In the field of nanotechnology, the devil is in the detail. That’s because the properties of nanomaterials depend not only on their composition, but also their size. A cluster of a few hundred atoms can have significantly different properties from a macroscopic lump of the same stuff, largely because at this scale materials start to play by the rules of the quantum world. 

At its most revolutionary, nanotechnology interfaces chemistry with physics, electrical engineering or biology in ways that present some amazing opportunities - but also some potential risks. No matter how well we understand the biochemistry or environmental speciation of bulk materials, simply changing its scale renders our knowledge incomplete. 

It’s already known that some nanoparticles - whether natural or synthetic - can have negative health effects if their use is not properly managed, and scientists working in the field have long recognised the need for adequate safety investigations to keep pace with the exploitation of the technology.

Businesses that use nanotechnology also want a clear regulatory framework for their products, because it provides a more secure market by underpinning customer confidence in the science. Indeed, survey after survey has shown that the public have a broadly positive attitude to the benefits of nanotechnology, as long as there is a coordinated effort to ensure that potential risks are adequately investigated. And of course, scientists themselves deserve to be safeguarded against unnecessary hazards in the laboratory. As with the rest of chemistry, managing risks sensibly allows us to reap enormous benefits from new science. 

Back in 2004, the UK’s Royal Society and Royal Academy of Engineering recommended that safety regulations be overhauled to account for these nano-uncertainties, and that a new, dedicated research centre should be established to study the environmental and human health effects of nanoparticles. The government’s response has been a succession of committees, reviews, and outright procrastination - last year the Council for Science and Technology openly criticised their lack of progress on the issue.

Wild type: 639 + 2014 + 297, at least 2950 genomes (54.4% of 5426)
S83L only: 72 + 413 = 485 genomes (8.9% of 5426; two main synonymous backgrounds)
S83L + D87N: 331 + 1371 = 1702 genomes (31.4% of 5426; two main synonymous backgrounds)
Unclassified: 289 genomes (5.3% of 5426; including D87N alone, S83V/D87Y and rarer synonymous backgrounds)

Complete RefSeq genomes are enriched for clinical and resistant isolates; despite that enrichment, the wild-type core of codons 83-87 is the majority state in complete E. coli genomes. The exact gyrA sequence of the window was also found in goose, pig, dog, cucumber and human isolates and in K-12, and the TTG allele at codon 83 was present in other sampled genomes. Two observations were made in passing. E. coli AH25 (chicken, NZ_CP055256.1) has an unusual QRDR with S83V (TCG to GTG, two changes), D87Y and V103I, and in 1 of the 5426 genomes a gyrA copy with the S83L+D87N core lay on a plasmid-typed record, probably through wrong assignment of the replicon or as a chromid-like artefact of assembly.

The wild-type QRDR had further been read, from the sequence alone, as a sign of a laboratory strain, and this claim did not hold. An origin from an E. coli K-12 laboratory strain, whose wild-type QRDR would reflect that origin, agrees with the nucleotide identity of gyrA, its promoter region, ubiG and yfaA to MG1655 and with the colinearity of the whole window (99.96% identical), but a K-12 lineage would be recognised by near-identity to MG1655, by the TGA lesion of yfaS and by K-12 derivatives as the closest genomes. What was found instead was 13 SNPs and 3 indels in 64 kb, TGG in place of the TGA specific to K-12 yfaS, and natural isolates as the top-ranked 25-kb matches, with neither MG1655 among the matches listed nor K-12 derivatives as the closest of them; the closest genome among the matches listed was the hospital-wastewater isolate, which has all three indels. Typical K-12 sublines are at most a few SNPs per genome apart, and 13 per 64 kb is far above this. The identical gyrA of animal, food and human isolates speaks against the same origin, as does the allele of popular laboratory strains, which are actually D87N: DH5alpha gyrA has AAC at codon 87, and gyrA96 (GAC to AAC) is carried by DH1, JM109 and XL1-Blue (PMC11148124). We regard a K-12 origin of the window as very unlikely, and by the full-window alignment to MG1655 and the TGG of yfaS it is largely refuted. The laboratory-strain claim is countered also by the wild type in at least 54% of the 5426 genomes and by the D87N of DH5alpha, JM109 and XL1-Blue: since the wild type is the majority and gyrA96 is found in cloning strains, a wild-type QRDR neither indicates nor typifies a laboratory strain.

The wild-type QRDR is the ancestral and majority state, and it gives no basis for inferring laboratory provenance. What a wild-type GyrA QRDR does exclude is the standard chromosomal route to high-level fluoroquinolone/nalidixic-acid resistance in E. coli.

Over the previous month, regulators in America and Europe have finally taken their first tentative steps towards proper regulation. Yet their programmes are utterly inadequate in many regards. 

The EU Commission’s Code of conduct for responsible nanoscience and nanotechnologies research is essentially a wish-list, which it is encouraging member states to turn into concrete regulations. The voluntary code of conduct suggests, for example, that nanoscience should be ’safe, ethical’ and ’meet the best scientific standards’. To call this banal would be generous. 

Meanwhile, the US Environmental Protection Agency has launched its Nanoscale Materials Stewardship Program (NMSP) to gather data about the nanomaterials already used by industry. Once again, the programme is voluntary. What’s more, the NMSP still uses the Toxic Substances Control Act as a framework for its safety assessments, where no distinction is drawn between nano- and macro-scale materials - thus ignoring the outstanding reason why new regulations are needed in the first place. 

But there was also a glimmer of good news. America’s National Nanotechnology Initiative has set out a roadmap for the health and safety research needed in this area. Crucially, Strategy for Nanotechnology-Related Environmental, Health, and Safety Research  also specifies who will actually do the work, and backs up the plan with a decent budget. The move highlights the clear benefits of having a single nanotechnology programme with ring-fenced funding - something that other countries, including the UK, could learn much from. 

Mark Peplow, editor